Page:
[00:24:40] – Sandile

So we need to have everybody more coming in. And I think if you continue the way you’re continuing now, I think we are heading the right way. And I think two, three years from now, we will have, in fact, the whole of Halifax and Huddersfield together joining in and also probably being behind as well, you know what I mean? So I think you’re doing very well at the moment. Yeah, thank you. I think-, what I can say is thank you for the invite. I think for me today it’s been very good. I go to different organisations, different groups, doing running sessions, drum sessions, but most of them are so organised in a way that they specifically choose one specific group.


[00:25:26] – Sandile

But today, in one room, I’ve had a variety of age groups and culture differences from the age of three to the age of God knows. But everybody has been involved, everybody’s taken part. And I’ve had a good time. I’ve had an absolutely fantastic time. And I’ll definitely continue to be a part of the project, you know what I mean? Even if it’s any project that is there, do you know what I mean? I would love to be part of it because I think it’s growing to educate more and it’s also involving the community in the most positive way possible. And I think from here onwards, it’s just a matter of let’s grow it more, let’s just support so the organisation can grow more and we can see more of this project.


[00:26:32] – Samantha

A huge thank you to Sandile, Massarat, Alex and Isla for sharing their thoughts. There’s a lot there to think about, isn’t there? And a lot that we could continue unpacking and exploring and it really is a never ending journey of what these things mean for our world and what it means really to look after each other.


[00:26:52] – Samantha

So we’d really love to hear your thoughts and compassion too. What does compassion mean to you? Have you got a story of compassion that you’d like to share? Drop us an email on hello@curiousmotion.org.uk and we might feature some of your responses in a future episode.


[00:27:10] – Samantha

We have another event in Elland coming up very soon too, Welland, this is taking place on Saturday, the 29th of July, and Welland is an annual celebration that intertwines the realms of arts and well being in Elland. Newly reimagined form this year, it’s the first year that we’re offering it in its current format and it’s very much something new that we’re developing to become an annual event, hopefully for the long term. So please do join us.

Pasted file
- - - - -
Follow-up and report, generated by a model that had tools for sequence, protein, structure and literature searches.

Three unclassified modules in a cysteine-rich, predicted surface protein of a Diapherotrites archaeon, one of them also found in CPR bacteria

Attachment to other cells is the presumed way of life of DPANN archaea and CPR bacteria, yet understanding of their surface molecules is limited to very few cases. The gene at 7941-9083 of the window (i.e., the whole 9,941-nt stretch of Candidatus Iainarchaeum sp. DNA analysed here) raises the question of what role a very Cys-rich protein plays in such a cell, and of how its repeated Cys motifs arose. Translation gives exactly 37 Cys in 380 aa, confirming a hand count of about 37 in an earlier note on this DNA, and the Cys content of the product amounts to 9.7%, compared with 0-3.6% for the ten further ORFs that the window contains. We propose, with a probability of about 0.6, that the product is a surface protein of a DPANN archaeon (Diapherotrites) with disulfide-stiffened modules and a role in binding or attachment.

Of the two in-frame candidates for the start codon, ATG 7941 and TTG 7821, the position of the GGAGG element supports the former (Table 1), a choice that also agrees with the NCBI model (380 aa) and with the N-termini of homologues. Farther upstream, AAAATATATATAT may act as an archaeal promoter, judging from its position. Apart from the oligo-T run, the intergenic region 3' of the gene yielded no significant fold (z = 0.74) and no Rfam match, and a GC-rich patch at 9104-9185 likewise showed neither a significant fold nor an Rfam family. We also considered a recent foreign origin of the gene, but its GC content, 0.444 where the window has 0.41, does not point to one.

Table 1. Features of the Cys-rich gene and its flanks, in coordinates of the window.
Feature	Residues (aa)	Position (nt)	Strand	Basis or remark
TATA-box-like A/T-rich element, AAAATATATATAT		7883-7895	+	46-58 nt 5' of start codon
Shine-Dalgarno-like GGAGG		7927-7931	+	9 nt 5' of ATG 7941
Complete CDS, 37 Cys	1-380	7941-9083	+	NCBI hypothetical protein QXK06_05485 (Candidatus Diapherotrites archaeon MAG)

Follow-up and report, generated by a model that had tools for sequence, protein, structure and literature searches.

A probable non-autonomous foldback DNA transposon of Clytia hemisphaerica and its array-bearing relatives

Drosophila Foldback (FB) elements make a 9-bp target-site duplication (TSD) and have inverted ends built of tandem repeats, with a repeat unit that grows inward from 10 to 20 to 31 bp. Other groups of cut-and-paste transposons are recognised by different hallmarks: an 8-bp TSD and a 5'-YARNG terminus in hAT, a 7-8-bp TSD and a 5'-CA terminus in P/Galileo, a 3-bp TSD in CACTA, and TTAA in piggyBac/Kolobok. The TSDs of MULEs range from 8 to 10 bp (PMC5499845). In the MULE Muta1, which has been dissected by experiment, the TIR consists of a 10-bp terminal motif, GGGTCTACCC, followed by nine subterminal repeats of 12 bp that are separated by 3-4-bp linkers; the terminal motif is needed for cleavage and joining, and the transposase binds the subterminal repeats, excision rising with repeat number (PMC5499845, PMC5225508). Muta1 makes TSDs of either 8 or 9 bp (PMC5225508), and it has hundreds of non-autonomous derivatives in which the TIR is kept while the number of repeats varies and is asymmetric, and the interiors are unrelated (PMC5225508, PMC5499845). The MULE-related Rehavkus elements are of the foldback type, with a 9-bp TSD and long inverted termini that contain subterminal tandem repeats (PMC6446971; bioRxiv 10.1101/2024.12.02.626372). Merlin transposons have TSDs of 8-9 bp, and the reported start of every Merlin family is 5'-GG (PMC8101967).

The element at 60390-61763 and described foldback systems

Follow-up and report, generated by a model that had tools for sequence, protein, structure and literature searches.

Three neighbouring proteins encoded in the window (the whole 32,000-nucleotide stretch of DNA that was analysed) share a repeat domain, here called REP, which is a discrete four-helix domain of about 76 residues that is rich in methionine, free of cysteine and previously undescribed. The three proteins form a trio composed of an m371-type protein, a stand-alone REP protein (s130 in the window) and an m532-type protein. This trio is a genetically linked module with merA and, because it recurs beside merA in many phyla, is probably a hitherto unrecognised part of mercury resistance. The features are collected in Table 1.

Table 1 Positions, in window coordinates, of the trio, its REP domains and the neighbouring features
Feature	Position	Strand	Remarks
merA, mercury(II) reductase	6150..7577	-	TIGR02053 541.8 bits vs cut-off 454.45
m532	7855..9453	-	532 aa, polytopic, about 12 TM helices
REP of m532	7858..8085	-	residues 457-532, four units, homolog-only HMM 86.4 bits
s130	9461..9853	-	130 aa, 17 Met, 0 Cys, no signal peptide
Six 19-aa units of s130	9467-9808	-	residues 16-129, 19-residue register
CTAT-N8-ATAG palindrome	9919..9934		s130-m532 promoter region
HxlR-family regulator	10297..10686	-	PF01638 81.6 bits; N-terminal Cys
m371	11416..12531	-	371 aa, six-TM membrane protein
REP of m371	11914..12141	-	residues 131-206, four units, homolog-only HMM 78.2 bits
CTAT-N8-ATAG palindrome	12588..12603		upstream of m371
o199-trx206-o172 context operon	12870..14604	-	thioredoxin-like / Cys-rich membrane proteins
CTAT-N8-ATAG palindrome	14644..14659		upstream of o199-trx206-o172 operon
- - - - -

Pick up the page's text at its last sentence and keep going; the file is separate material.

[00:27:40] – Samantha

There’s free taster workshops for all ages and very excitingly, we’ll also be sharing three beautiful short films and a live dance performance for the first time. These have all been made with and feature people from the local area, so it’s really not to be missed. Please do join us. The full program is on Curious Motion’s website at curiousmotion.org.uk/welland.


[00:28:08] – Samantha

And if you’re listening to this later on and you didn’t make it to Welland, the films will be on our website and YouTube channel and there’s lots of other things you can get involved in, so do take a look.


[00:28:17] – Samantha

And finally, a reminder that self compassion is just as important as compassion for others. When we turn compassion inward, we’re more likely to feel happier, more resilient and able to cope with life’s challenges. So do remember to be kind to yourself too.


[00:28:37] – Samantha

And that brings us to the end of another captivating episode of Calder Navigation. Thank you for joining us on this voyage through the stories that shape Calderdale. We hope that these conversations have touched your heart, inspired your mind and reminded you of the power of human connection. As we navigate life together, let’s carry these stories with us, cherishing the lessons they teach us and the bonds they strengthen.


[00:29:00] – Samantha

Remember, Calder Navigation is just one part of the Welland Activator Project, a collective effort to combat loneliness and isolation in our community. We encourage you to explore the various classes, workshops and walks offered through the programme and join us at our special showcase event, Welland, where we can come together and celebrate the magic of Elland and Calderdale. You can find out more about the project at curiousmotion.org.uk.


[00:29:26] – Samantha

We would like to express our deepest gratitude to Calderdale Council, Reaching Communities from the National Lottery Community Fund and Arts Council England for their invaluable support in making this podcast and the Welland Activator possible. Thanks to Untold Creative for production support. If you haven’t already, be sure to subscribe to called Navigation on your preferred podcast platform so you never miss an episode.


[00:29:49] – Samantha

And please help us spread the word by sharing the podcast with your friends, family and anyone who might find solace, inspiration or a sense of belonging in these stories. As we conclude this chapter, we invite you to keep exploring, keep connecting, and keep navigating the currents of life with curiosity and compassion. Remember, the journey continues and together we can make a difference. Until next time, fair winds and warm hearts.